Forty Years after Beating Norton, Holmes Gets His Respect

The narrative at the time was that he couldn’t punch, had skinny legs, lacked heart and was too consumed with being a Muhammad Ali clone. That was the prevailing thought regarding Larry Holmes prior to his first title bout against WBC champ Ken Norton on June 9th, 1978.

What a difference 40 years make.

Holmes was fighting for his respect before going in against Norton, and today most of the boxing observers who hold an opinion I value consider Larry Holmes one of the top-5 all-time great heavyweight champs, as do I.

Larry supported himself by working in a car wash while working his way up the heavyweight ranks. He was mocked for being stopped by Duane Bobick in the finals of 1972 Olympic Trials while Muhammad Ali provided color commentary with Howard Cosell for ABC’s Wide World of Sports. After being stopped by Bobick, Holmes was all but forgotten. On March 21, 1973 without any media attention or fanfare Holmes turned pro winning a four round decision over Rodell Dupree in Scranton, Pennsylvania, a fight for which he was paid exactly $150. After beating Dupree, Holmes ran off 26 consecutive victories on his way to becoming the world’s top ranked heavyweight under the promotional guidance of Don King. During the five years between fighting Dupree and Norton, Holmes filled out physically and developed one of the best left jabs and footwork in heavyweight history.

Before winning the title Holmes was best known for being a sparring partner for “Smokin” Joe Frazier and Muhammad Ali, along with contender Earnie Shavers. Ironically, it was Shavers who Holmes would have to beat in an elimination bout in order to get in position to fight Norton for the title. And on March 25, 1978, Holmes put on a boxing clinic and won every round against Shavers en route to securing a 12-round unanimous decision.

Three months later on June 9, 1978, Holmes would enter the ring at the Caesars Palace Sports Pavilion in Las Vegas as the challenger to titlist Ken Norton who was just appointed champion by the WBC (supplanting Leon Spinks who was stripped of the title for reneging on his agreement to fight Norton in his first title defense, opting instead for a rematch with Muhammad Ali).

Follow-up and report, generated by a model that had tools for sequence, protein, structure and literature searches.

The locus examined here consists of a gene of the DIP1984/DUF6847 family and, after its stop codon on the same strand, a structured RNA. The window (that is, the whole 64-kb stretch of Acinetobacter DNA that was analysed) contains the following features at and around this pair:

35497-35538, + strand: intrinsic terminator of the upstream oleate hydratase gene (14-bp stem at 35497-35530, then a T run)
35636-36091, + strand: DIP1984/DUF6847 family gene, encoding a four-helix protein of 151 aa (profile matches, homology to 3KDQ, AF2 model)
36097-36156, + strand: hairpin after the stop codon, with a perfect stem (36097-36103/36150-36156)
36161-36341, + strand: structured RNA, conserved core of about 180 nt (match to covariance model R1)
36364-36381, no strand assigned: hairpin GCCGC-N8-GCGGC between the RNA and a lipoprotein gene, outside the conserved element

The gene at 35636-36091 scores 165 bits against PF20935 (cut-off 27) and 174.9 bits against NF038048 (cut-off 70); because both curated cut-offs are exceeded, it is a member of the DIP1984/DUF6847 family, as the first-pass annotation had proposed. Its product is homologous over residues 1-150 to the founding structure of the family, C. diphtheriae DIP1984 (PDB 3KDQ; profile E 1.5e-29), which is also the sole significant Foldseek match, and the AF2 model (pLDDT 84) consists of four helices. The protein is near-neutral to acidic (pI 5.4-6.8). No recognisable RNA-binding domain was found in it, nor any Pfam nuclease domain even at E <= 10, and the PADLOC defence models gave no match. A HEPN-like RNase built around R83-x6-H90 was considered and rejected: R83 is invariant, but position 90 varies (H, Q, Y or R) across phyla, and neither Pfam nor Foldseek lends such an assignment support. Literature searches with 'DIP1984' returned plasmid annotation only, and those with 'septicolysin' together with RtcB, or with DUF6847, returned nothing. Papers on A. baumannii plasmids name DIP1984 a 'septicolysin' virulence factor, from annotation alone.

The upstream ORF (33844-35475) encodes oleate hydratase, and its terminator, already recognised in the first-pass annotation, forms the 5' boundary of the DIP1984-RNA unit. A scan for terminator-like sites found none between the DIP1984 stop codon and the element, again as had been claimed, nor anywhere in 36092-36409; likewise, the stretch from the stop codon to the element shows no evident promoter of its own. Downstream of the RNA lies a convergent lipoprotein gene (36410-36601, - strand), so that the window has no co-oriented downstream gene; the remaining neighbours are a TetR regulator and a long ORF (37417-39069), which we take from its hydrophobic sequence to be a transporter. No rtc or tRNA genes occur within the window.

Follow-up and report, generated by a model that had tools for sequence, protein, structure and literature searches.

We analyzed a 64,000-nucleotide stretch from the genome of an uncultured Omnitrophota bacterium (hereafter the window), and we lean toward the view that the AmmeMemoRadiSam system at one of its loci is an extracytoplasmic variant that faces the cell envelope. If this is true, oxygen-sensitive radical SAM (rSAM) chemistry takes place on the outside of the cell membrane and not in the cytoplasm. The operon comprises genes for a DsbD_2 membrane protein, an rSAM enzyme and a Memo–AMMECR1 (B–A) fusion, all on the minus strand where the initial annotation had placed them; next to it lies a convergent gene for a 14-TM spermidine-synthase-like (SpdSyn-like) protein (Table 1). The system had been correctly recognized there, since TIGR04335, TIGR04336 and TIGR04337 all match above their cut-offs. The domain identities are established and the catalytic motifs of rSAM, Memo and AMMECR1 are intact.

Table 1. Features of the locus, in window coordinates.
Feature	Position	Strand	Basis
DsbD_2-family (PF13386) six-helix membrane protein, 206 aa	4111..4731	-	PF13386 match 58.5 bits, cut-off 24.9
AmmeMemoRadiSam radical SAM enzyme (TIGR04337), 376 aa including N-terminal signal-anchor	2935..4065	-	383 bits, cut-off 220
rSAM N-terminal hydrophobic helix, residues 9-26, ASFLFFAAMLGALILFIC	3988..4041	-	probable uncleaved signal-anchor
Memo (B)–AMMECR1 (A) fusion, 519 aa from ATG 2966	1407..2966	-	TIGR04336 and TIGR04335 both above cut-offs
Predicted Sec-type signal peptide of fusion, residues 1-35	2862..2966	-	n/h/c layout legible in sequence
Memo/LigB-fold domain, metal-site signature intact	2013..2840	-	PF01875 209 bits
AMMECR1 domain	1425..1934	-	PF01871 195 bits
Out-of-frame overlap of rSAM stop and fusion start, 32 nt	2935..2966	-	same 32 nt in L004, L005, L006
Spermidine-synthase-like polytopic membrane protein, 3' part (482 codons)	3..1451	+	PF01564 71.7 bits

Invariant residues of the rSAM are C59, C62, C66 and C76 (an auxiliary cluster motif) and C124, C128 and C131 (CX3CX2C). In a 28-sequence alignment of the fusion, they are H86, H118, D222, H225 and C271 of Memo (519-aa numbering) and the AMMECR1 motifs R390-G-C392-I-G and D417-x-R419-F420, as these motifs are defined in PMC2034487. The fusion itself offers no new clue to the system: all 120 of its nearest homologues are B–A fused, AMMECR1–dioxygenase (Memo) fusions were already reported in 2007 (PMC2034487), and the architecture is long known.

Most members of the press at that time were big fans of Ken Norton who had fought three close fights with Muhammad Ali. Norton was favored by the press, but many boxing insiders knew Holmes was really the goods and that he had an excellent chance to take Norton. A few days before the fight a report surfaced that Holmes had suffered a torn left triceps muscle during training. This really sparked the Norton sentiment and by fight night most were leaning towards Norton.

When the fight started, Holmes never looked better, Circling the ring and boxing on the move like his mentor, Ali, he was just too fast from head to toe for Kenny. On top of that, Norton couldn’t get past the Holmes’ jab in order to get inside and work the body, hoping to slow Holmes down and getting him to come down off his toes. For eight rounds it was all Holmes with Ken a step behind and fighting a little tentative. Norton just couldn’t get inside on Larry in order to do any real damage. Then in the 8th round Norton finally got through and scored heavily to Holmes’ head and body.